We've hurt a lot this year. We hurt because we're capable of winning. And when you see it against Alabama, you know it's true. This is progress. And in this regard, in showing up on Saturday and believing the Vols not just could but should win? At Point A.5 or whatever you want to call it, we're back in that conversation. And that's a great feeling, or maybe just a satisfactory feeling in the midst of this loss, but either way it's good news for Tennessee.
There are never any guarantees. Should the Vols stumble through these next five weeks, the conversation will change. After four brutally close losses in five games against really good teams, we're about to enter the taking care of business portion of our schedule. And I think there's a chance it becomes the unleash the fury portion of our schedule. This team should know exactly how good it is, and spend the next five weeks demonstrating it. Because almost everyone on this team is coming back; there's no abundance of seniors who might be tempted to mail it in with career goals unfulfilled, but instead a bunch of freshmen, sophomores, and juniors who know they're going to get another shot at Florida, Alabama, and Point C next year.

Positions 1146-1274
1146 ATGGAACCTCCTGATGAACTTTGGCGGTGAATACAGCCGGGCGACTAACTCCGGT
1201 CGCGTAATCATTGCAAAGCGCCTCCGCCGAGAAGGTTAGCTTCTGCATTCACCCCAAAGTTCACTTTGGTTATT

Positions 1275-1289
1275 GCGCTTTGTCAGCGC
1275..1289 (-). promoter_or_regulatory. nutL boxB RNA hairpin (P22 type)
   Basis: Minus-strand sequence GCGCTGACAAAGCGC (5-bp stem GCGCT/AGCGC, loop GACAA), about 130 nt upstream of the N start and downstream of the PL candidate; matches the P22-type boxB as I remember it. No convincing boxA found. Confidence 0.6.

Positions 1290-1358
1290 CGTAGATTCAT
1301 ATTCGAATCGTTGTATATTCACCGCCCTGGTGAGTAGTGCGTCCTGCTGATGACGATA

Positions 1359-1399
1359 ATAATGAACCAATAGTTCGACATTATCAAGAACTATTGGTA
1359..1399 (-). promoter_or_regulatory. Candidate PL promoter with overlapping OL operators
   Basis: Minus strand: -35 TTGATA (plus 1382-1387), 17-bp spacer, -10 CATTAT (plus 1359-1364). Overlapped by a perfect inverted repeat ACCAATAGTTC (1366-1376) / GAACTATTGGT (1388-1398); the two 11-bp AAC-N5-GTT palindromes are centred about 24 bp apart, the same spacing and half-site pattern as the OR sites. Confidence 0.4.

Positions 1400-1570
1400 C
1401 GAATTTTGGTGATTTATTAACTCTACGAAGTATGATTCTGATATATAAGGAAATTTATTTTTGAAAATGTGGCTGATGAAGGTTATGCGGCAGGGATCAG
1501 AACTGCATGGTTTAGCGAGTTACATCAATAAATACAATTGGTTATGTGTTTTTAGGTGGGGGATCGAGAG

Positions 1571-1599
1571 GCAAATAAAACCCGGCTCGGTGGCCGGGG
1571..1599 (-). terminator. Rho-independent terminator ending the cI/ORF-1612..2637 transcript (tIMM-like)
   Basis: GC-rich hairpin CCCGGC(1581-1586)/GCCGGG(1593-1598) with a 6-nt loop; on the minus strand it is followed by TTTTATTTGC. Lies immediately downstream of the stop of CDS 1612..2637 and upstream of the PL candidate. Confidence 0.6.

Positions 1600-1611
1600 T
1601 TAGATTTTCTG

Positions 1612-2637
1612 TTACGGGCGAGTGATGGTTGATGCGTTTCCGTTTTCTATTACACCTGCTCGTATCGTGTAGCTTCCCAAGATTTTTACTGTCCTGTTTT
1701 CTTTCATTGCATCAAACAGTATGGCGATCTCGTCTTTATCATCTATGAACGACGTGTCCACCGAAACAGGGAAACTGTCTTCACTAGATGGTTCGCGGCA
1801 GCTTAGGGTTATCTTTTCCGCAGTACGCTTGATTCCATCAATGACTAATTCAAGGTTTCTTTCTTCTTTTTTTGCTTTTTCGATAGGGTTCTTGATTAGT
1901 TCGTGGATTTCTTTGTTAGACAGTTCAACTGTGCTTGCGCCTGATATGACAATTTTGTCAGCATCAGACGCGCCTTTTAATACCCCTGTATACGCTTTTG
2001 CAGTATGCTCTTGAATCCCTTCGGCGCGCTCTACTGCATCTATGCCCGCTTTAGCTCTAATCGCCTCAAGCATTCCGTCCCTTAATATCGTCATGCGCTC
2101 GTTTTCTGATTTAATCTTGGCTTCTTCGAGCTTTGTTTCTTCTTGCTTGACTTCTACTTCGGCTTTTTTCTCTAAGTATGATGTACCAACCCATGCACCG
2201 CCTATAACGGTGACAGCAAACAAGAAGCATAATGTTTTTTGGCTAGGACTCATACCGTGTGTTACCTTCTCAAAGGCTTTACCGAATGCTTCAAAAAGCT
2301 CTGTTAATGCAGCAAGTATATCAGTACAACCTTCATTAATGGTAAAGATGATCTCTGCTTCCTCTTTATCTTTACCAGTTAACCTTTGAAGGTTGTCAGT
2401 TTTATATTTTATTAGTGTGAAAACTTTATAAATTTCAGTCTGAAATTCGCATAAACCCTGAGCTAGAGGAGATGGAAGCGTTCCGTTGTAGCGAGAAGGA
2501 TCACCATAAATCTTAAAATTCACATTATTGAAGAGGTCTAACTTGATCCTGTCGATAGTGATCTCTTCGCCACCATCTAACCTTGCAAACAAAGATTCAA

Butch Jones has had Tennessee in the forward progress business. It may have been slower than we wanted, assumed, or were able to legitimately believe was possible at times. But it is moving forward nonetheless. When we lose, it hurts. That's a great sign. The next sign of being a good football team is doing what good football teams should do to the rest of our schedule. And from there, we'll have a much better shot at the progress we all so desperately want next season.
But today was the latest, most powerful, and perhaps most painful proof that when you turn on your television or find yourself in Neyland Stadium to watch this team, you can believe in winning again. Against anyone, anywhere. And, even in the midst of pain, that is a great truth.
The way it hurts is the story of our year so far. But the progress being made is still the story of this program.